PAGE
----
FEB 2014

EyeWorld is the official news magazine of the American Society of Cataract & Refractive Surgery.

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Page 45 of 114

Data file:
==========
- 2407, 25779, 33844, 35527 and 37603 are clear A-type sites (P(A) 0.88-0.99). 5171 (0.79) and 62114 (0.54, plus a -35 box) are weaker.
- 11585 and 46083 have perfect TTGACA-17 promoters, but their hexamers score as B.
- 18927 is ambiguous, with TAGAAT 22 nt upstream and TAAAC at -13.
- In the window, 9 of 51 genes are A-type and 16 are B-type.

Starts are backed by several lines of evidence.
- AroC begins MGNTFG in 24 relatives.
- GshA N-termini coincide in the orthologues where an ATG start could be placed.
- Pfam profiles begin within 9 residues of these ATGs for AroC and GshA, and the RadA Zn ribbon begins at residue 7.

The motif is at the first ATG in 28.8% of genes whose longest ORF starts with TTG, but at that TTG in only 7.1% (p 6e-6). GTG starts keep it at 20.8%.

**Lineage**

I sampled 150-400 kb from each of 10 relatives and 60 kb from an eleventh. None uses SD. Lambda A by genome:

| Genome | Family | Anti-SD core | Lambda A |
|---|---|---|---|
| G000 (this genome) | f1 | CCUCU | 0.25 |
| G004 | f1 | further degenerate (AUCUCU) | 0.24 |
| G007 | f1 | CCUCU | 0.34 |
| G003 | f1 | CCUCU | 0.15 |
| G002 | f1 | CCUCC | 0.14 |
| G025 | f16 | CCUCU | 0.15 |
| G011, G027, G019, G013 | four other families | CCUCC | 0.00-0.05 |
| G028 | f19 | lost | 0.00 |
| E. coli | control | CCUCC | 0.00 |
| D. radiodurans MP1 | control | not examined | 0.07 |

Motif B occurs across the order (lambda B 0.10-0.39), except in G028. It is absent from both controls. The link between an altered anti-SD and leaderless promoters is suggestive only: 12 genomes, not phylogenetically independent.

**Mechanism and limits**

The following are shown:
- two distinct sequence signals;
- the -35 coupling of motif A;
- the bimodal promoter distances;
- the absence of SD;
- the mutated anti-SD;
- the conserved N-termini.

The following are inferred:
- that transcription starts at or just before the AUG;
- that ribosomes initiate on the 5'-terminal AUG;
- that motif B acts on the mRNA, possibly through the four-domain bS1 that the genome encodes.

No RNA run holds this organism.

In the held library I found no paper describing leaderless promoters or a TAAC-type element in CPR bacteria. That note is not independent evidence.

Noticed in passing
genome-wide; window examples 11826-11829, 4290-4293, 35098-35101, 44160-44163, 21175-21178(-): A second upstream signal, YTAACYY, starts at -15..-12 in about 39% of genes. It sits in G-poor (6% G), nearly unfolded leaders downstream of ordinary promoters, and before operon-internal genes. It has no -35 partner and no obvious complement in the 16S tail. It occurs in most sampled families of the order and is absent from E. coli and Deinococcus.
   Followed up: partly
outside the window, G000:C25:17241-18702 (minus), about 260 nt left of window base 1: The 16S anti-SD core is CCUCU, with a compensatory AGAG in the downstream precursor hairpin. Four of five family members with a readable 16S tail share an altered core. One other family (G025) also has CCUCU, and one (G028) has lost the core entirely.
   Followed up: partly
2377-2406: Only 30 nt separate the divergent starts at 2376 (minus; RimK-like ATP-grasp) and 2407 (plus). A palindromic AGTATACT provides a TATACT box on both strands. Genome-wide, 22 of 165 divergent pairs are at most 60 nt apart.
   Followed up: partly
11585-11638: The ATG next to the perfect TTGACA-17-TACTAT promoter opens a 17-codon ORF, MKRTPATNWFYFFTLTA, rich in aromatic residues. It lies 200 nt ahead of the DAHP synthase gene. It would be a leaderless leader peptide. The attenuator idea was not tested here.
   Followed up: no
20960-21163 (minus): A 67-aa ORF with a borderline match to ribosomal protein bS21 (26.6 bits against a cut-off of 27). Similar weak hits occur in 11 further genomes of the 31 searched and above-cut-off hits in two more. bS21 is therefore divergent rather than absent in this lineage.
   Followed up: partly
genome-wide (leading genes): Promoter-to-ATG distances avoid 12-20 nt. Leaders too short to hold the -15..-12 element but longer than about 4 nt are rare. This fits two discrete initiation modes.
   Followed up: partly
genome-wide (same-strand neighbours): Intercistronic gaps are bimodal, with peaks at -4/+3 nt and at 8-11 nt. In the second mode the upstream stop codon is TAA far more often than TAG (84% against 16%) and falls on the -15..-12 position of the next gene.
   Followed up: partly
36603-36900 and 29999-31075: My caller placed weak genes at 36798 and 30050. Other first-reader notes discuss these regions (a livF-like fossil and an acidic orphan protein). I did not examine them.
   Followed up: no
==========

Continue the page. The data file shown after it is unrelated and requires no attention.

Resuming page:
E W CATARACT 4 3 What cases of myopia and hyperopia may portend H aving a refractive error may mean more than simply needing correc- tion, according to Jie Jin Wang, PhD, Centre for Vision Research, Department of Ophthalmology, and Westmead Millennium Institute, University of Sydney, Australia. The type of m yopia a patient has may portend increased incidence of cataracts, a new study shows. Results published in the September 2013 issue of Clinical & Experimental Ophthalmol- ogy indicated that compared with emmetropia, high myopia was asso- ciated with increased incidence of nuclear cataract, as well as posterior subcapsular cataract. "High myopia (–6 D or worse) at baseline was associated with an in- creased (about three-fold higher) risk of developing nuclear cataract, and substantially increased risk of devel- oping posterior subcapsular cataract and of cataract surgery, over a 10- year period," Dr. Wang reported. Likewise, having myopia of any sort was associated with increased inci- dence of cataract surgery, she noted. Considering a possible connection Dr. Wang, who worked on the study in conjunction with Paul Mitchell, MD, PhD, director, Centre for Vision Research, and others, said that looking into the connection be- tween refractive error and incidence of cataract surgery was a decision that stemmed from several factors. "Age-related cataract is the most common condition leading to visual impairment in older people," Dr. Wang said, adding, "Although cataract surgery can restore vision in most patients, the healthcare cost to meet this demand is high." She also pointed out that causes and risk factors for age-related cataract are not yet fully understood. When it comes to nuclear cataract, this is also known to be associated with a secondary myopic shift in refraction due to an increase in refractive index of the lens that occurs with nuclear sclerosis, Dr. Wang explained. Still, unexplained questions lingered. "Whether eyes with baseline moderate or high m yopia have an increased risk of developing nuclear cataract remains unclear," she said. In addition, the association between myopia and posterior sub- capsular cataract had been based solely on clinical impressions. "Evi- dence from observational studies was inconsistent, likely due to rela- t ively low numbers of cases," Dr. Wang noted. The study launched here was an outgrowth of the Blue Mountains Eye Study that had involved a popu- lation-based sample of older Aus- tralians, who were residents of the Blue Mountains area west of Sydney. "They were aged 49 years or older at baseline (1992–94) and were fol- lowed up for 15 years (2007–2010)," she explained. For the study, investigators took lens photographs of each eye of the participants at each visit and per- formed lens photographic grading following the Wisconsin cataract grading system, according to Dr. Wang. "We also measured refractive errors using standard protocols," she said. Studying outcomes Investigators determined that high myopes in particular were vulnera- ble to cataracts. "High myopia of –6 D or worse at baseline was associated with an increased risk of developing nuclear cataract that was about three-fold higher and substantially increased risk of developing poste- rior subcapsular cataract and of cataract surgery, over a 10-year pe- riod," Dr. Wang noted, adding that, "These findings are consistent with what we expected and what cross- sectional data from our and other studies had shown previously." At work here underlying the as- sociations observed could be multi- ple mechanisms and pathways, Dr. Wang thinks. "As our study is an ob- servational one, we are not in a posi- tion to provide evidence relevant to potential causes," she said. However, she speculates that oxidative damage may be involved. One unexpected finding was an association between moderate hy- peropia and increased risk of nuclear cataracts. However, Dr. Wang re- mains cautious about these findings. "Given that it was observed for per- sons with moderate hyperopia only, we cannot exclude the possibility of chance finding of this association," she said. "Future conformation of this association is needed." Still, the take-home message here is clear, she thinks. "Myopia and high myopia are strong risk fac- tors of nuclear cataract and posterior subcapsular cataract," Dr. Wang said. She views the results as poten- tially having a powerful, multifac- eted outcome down the road. "From a clinical perspective, my- opia, particularly high myopia, leads to an increased demand for cataract surgery and eye healthcare provision later in life," she observed, adding, "From a public health perspective, preventing myopia development and progression to high myopia dur- ing school ages could be an impor- tant public health strategy to reduce healthcare burden and costs." Going forward, Dr. Wang hopes that there will be experimental stud- ies to investigate mechanisms of the associations between myopia and both nuclear and posterior subcap- sular cataracts. Also, eventually she would like to see the development and implementation of effective strategies to prevent myopia devel- opment and/or progression in chil- dren of early school ages, as well as in teenagers. "This will be challeng- ing," Dr. Wang admitted, but she remains hopeful. EW Editors' note: Dr. Wang has no finan- cial interests related to this article. Contact information Wang: jiejin.wang@sydney.edu.au by Maxine Lipner EyeWorld Senior Contributing Writer Honing in on refractive error and long-term incidence of cataract For those with high myopia there's about a three-fold increased risk of developing a nuclear cataract. Source: Jie Jin Wang, PhD February 2014 38-45 Cataract_EW February 2014-DL2_Layout 1 1/30/14 10:18 AM Page 43